Riomar’s humble beginnings
BY BARBARA REID
The year was 1918 and three Midwesterners, Dr. J.P. Sawyer, Dr. W.H. Humiston, and businessman E.E. Strong, were looking for a winter retreat far away from Ohio’s icy-cold winters. Scouring Florida’s east coast for the perfect place to golf, swim and fish, they came across Vero Beach and agreed they had found their little piece of paradise.
At the time, there were only 70 homesteaders on the town’s mainland and the barrier island was as yet untamed, a mosquito-infested jungle of tangled vines, live oaks and Spanish moss. Snakes inhabited the dense undergrowth and wild boar were said to roam the marshes. To complicate matters even more, there was neither a bridge to access the island nor electricity to light it. But with the Gulf Stream less than 15 miles off the coast, the area experienced lower humidity and cooler evenings than Palm Beach to the south, and together with the lush vegetation and soft ocean breezes, it was exactly what the intrepid explorers had envisioned.
In 1919, the men formed the East View Development Company and purchased a 160-acre tract of land from Lewis Stockel, a settler who owned property between the Indian River and Atlantic Ocean on the barrier island. Enlisting the expertise of noted architect and designer Herbert Strong, they employed barges and mule trains to haul building materials to the site where they constructed a nine-hole golf course stretching 1,500 feet along the coastline. A tennis court, beach club and guest cottage shortly followed, and as word began to spread, a growing community of Cleveland “snowbirds” began building winter cottages within walking distance of the club where they gathered to dine, swim and socialize.
The first clubhouse located on what became known as Ocean Drive. RIOMAR COUNTRY CLUB ARCHIVES
A view of the first few domains purchased on Riomar Drive. RIOMAR COUNTRY CLUB ARCHIVES
Winchester Fitch from New York was among the first members to join the local golf club in 1920 and the first to coin the name “Riomar,” Spanish for “river to sea.” In 1921, his son, George Hopper Fitch, penned a song in which he called Riomar the “Eden of the South,” while his daughter, Dorothy Fitch Peniston, chronicled her recollections of those early days in the book An Island in Time.
Sawyer’s first land purchase covered three lots going all the way from Riomar Drive to Ocean Drive. Here he built his main residence followed by two more homes to accommodate the overflow of family and guests. Seven homes in all were constructed before the little wooden bridge connecting the mainland to the island was built in 1920. According to Peter Coveney and Karen Salsgiver, who wrote a book commemorating the 100-year history of Riomar, many of the original homes were modest affairs with no kitchens. Viewing the short winter season as a social event, members took their meals at the club — an opportunity to catch up on the latest news, share golf scores and schedule cocktail parties.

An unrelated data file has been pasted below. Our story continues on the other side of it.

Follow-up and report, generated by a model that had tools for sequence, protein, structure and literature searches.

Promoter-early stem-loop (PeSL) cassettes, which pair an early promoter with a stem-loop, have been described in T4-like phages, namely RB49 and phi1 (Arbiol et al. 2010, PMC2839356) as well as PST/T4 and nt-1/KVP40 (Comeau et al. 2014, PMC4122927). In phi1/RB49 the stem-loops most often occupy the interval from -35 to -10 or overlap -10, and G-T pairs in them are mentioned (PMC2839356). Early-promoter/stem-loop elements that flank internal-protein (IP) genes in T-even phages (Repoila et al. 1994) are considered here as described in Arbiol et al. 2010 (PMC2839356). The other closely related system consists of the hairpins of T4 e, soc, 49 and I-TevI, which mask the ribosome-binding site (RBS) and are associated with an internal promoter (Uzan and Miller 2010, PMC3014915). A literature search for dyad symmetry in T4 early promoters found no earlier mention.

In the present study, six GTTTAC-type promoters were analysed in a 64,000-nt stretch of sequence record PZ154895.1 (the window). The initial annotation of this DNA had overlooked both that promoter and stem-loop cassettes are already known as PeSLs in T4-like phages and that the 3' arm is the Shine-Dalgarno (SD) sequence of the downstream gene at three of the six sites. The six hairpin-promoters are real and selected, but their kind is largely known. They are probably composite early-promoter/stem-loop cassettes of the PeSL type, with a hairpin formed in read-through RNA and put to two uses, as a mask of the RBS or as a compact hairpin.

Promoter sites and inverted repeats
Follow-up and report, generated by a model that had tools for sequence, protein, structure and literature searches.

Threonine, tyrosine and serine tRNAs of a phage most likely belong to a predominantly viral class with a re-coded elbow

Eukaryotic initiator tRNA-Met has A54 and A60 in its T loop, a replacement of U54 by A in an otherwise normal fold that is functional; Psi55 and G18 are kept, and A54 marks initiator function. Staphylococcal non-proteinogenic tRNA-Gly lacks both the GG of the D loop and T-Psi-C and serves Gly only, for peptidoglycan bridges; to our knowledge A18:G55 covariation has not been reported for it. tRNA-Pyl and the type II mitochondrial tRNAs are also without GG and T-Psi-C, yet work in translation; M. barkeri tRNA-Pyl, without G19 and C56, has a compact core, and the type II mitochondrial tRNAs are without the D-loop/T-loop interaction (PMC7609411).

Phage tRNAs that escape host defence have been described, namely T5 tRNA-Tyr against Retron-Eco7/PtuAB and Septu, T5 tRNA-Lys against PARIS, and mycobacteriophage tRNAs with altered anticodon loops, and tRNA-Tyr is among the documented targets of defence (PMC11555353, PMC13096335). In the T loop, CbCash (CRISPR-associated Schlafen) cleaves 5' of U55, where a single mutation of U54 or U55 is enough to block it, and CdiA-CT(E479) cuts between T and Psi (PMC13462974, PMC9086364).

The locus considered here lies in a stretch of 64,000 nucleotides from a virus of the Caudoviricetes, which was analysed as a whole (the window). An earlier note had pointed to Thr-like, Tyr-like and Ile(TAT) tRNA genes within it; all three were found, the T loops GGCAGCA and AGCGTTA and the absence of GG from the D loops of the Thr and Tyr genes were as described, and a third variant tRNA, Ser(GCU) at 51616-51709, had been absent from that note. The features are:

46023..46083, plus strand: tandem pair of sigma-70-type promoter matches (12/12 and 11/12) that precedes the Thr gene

Many familiar names played pivotal roles in those early years: Entrepreneur and visionary Waldo E. Sexton brokered the 160-acre purchase between Stockel and the East View Development Company for a price of $5,000; Arthur McKee, engineer and co-founder of McKee Jungle Gardens (now McKee Botanical Garden), was the first visitor to occupy the golf club’s guesthouse in 1920 and former Vero Beach mayor, Alex MacWilliam, who helped oversee the construction and management of the golf club, met his wife there in 1920 and bought a home on Riomar Drive in 1924.
Electricity and water came to the island in 1924, and the Riomar Country Club was officially chartered in 1925, boasting the first golf course on the Treasure Coast and the first in Florida to enjoy ocean views. No one was allowed to purchase a Riomar lot until becoming a fully-fledged member of the club, and even then they were carefully vetted, a policy that remained in effect until 1961.
Today, most of the homes built in the 1920s and 1930s have been torn down. Yet the charm that continues to attract residents to the neighborhood is still palpable. Many of the newer homes, nestled in the hammocks of centuries-old oaks, give a nod to the architectural styles of a bygone era. And while the manicured lawns, swaying palms and immaculately trimmed hedges belie the marshy terrain that first greeted the intrepid Cleveland pioneers, the essence of a timeless history still permeates the air.